3D Heart Printing Helps NY Surgeons Save Infant’s Life

3D printing has been shattering barriers and firmly creating new milestones. In yet another instance, surgeons at a hospital in New York have successfully saved the life of an infant thanks to a 3D printed heart. The baby, just 2 weeks old, was in need of a complex heart surgery. Doctors at the Morgan Stanley Children’s hospital printed a 3D copy of the infant’s heart using MRI scan data. The surgery was required because the heart was seen to be unusually structured and riddled with holes. With the 3D printed heart, surgeons could study the model organ in detail and plan their surgical procedure in accordance.

While it is not uncommon for infants with CHD to have holes in the heart, the problem lay with the chambers of the heart, which had a rather unusual formation. Doctors called it “like a maze”. The surgery was performed by Dr Emile Bacha. Earlier, in a scenario like this, doctors would have had no option but to stop the heart in order to look inside it, and then decide what their surgical strategy would be. However, the 3D printed model of the heart proved to be a highly reliable road map. It took just one operation to repair the heart.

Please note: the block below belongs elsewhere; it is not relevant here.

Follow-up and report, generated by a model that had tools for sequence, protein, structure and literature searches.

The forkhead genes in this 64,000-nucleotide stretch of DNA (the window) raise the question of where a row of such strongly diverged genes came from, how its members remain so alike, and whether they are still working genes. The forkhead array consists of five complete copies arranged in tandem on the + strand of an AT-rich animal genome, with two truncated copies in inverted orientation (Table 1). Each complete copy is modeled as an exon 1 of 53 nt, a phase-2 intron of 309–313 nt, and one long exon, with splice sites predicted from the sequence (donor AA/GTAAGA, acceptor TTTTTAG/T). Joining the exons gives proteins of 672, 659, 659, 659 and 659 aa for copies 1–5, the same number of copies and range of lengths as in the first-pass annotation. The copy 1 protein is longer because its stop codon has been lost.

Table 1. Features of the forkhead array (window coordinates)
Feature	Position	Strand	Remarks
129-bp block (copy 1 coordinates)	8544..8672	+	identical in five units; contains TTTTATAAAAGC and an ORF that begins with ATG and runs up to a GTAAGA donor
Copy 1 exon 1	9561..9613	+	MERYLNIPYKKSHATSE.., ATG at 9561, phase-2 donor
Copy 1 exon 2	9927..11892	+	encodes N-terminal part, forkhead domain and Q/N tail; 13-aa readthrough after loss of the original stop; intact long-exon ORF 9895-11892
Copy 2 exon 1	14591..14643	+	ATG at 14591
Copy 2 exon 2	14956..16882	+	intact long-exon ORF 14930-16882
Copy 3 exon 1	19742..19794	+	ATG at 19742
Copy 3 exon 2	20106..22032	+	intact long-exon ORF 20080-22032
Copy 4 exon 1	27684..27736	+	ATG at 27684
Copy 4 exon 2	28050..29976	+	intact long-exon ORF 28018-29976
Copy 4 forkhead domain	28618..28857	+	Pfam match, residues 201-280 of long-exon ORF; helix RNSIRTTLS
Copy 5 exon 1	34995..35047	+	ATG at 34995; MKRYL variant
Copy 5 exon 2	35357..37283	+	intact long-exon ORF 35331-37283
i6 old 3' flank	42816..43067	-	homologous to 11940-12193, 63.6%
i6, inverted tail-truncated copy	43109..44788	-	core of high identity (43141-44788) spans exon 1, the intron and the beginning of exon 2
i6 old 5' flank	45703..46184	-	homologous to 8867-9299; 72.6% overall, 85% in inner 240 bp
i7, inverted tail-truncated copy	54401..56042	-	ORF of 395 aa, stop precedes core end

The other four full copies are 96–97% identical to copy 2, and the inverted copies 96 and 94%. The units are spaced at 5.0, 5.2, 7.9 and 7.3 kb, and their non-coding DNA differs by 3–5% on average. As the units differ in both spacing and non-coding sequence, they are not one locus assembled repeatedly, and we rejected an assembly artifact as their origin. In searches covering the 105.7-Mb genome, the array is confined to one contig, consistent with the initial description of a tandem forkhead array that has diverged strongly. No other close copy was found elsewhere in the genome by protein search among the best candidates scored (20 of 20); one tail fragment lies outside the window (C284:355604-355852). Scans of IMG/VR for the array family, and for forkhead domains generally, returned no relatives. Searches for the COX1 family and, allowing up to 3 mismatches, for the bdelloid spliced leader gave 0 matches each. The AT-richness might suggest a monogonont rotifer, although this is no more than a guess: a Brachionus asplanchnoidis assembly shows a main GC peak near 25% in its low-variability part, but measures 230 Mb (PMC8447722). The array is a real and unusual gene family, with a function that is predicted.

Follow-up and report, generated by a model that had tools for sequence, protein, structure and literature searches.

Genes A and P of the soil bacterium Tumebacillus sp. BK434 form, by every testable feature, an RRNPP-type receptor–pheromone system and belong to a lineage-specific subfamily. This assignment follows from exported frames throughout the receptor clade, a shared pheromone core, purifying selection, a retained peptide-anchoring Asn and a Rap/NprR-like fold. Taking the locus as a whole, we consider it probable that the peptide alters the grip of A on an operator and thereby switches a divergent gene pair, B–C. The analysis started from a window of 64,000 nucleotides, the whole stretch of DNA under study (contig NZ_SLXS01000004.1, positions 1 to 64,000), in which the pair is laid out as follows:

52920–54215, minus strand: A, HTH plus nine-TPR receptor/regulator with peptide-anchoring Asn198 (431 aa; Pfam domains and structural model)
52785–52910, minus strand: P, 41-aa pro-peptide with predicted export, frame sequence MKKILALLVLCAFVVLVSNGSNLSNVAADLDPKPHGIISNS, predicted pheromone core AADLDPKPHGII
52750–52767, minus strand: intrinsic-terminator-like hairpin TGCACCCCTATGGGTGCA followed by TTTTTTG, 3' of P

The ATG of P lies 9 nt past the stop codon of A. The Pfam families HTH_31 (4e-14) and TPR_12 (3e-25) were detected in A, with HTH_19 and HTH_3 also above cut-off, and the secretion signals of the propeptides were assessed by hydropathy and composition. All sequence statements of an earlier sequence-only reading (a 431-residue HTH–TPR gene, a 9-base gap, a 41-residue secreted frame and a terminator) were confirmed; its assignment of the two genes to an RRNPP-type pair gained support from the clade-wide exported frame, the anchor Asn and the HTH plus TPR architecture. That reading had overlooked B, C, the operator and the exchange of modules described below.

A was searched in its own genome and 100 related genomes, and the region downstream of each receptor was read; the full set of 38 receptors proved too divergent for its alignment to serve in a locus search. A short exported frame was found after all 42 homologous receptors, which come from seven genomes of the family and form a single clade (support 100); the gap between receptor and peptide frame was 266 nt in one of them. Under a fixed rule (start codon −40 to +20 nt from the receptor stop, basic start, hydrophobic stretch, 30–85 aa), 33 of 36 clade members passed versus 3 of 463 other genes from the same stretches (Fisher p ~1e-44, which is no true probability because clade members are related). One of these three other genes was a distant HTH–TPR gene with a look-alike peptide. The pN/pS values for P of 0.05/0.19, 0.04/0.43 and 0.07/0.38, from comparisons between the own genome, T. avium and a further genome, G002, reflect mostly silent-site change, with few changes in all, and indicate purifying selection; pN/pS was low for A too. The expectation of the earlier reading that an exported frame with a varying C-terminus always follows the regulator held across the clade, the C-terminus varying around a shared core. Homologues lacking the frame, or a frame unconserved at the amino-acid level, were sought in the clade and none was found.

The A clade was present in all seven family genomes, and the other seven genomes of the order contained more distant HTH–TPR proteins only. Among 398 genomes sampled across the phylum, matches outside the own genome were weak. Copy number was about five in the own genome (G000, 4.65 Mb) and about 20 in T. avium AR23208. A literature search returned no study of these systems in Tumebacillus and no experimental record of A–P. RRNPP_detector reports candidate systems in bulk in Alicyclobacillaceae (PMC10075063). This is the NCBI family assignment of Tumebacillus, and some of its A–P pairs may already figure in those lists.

A Connecticut-based foundation—Matthew’s Hearts of Hope—funded the project. In the meanwhile, doctors said that they were in the process of printing out another 3D model of a heart, details of which would be available next month.

This technology will now help surgeons plan their surgery ahead and improve the chances of it being successful.


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